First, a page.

PARIS.- The work of Jimmy Robert deals with performance and the experience of limits: of the works, of his body, of identity itself and of the disciplines Robert occupies. Spreading from sculpture to drawing, film to movement, Roberts practice questions both the gap and the intersection between image and language.
For the Satellite project, Jimmy Robert conceived an exhibition that inhabits language as a non-place, as a site for testing and expanding boundaries. Robert reflects on language as being conditioned by history, institutions and society, ascertaining it as a construction. A theatricality of language and of movement is at the centre of most of the shown works.
In the video Paramètres (2011), Robert endeavors to fit in his facial contour cutout geometrical drawings. For each movement, corresponding to each attempt, the artist utters a paragraph of a text written by him. Each image is used twice and there are ten paragraphs in total. The drawings are two-dimensional depictions of three-dimensional figures. Once cut, seemingly arbitrarily, they become sculptural forms with which the artist negotiates in strictly choreographed and concentrated movements.
A choreography of movements is also at play in the video Untitled (Folding 2) (2011). It starts with the image of a white piece of paper laying flat on a surface. We witness the folding of the paper as if the hands were constructing a simple origami form. Little by little, as in a puzzle, an image is uncovered on the other side of the paper. Throughout this ritual, the artist also plays the rock-paper-scissors hand game. If an underlying obvious metaphor in this work is that of the (self) image as a performance and a construction; a more in-depth meditation reflects on the objectification of the body, body as two-dimensional image, and simultaneously the materialization of the video (as the display of the work converts it into a sculptural element).
The last video in the exhibition is entitled Vocabulary (2011). Although much more unrestrained than the other pieces, it is also an intense reflection on language as a construction and how apparently natural, innate movements such as dance are also constrained by limited conceptual frameworks. Robert enters the video, turns on his ipod and starts dancing to techno music (which the spectator does not hear but can intuitively guess). Each silent movement he initiates is repeated for a certain period of time and classified with either a profession or a category. The cataloguing of movements - which he had previously observed in clubs as a sort of ethnographer and now imitates/performs for the camera - is a way of translating movement into language, and creating a new order, a new classification and a new grammar. More than an accessory to speech, gestures are thus considered a component of language.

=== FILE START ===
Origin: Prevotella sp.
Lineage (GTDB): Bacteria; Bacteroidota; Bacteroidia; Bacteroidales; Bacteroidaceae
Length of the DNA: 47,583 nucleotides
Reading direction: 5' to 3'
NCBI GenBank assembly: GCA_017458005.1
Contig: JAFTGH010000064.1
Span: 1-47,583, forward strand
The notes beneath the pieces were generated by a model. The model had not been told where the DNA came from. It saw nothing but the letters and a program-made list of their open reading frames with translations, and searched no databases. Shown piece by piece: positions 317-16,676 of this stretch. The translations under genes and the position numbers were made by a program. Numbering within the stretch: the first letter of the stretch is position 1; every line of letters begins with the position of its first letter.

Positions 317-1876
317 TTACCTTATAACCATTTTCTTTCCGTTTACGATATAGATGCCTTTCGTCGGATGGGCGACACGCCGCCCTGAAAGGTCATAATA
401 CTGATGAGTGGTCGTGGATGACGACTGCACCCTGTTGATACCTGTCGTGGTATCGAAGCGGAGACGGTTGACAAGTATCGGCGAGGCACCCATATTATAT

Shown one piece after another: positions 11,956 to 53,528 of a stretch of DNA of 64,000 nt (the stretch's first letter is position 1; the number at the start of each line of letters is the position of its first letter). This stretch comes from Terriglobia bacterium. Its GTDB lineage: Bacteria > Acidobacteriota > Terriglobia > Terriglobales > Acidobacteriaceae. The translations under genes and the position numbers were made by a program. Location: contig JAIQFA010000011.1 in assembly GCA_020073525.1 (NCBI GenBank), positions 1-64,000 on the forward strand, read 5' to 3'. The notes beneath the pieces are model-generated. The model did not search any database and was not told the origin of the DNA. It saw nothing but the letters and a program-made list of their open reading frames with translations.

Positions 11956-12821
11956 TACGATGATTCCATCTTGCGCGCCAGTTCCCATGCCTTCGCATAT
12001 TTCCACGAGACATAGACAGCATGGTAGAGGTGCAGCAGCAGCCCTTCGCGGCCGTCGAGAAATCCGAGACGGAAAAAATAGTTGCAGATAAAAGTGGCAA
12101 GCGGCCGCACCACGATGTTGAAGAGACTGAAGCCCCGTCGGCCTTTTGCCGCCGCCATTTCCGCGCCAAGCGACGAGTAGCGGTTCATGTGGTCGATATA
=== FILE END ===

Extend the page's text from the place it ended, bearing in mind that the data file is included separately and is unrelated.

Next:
Connecting and dialoguing with the three videos are two floor sculptures. There is no apparent relation between them (videos and sculptures). The effect of their proximity is both enchanting and disconcerting. The sculptures are much more abstract and formal than the videos, but the vicinity suggests readings, perceptions. In a way, they suspend what is suggested by the videos and transport it to a displaced phenomenological dimension. They embody the concept of heterotopias, spaces of alterity, both physical and mental.
The conceptual framework of the show is mirrored in its title: Langue matérielle (material tongue). Language is performed both for its materiality and for all the conventions it embodies. The literal meaning of that expression gears towards a materiality of language, its objectification; on a linguistic level it constitutes itself as a word play between langue matérielle and langue maternelle (mother tongue). If Robert is by birth French-speaking, having lived outside of that idiom for many years, English has become as important as his first language. Which language does he inhabit now and which does he perform, which is innate and which is foreign and what is the tension and gap that lies between the two?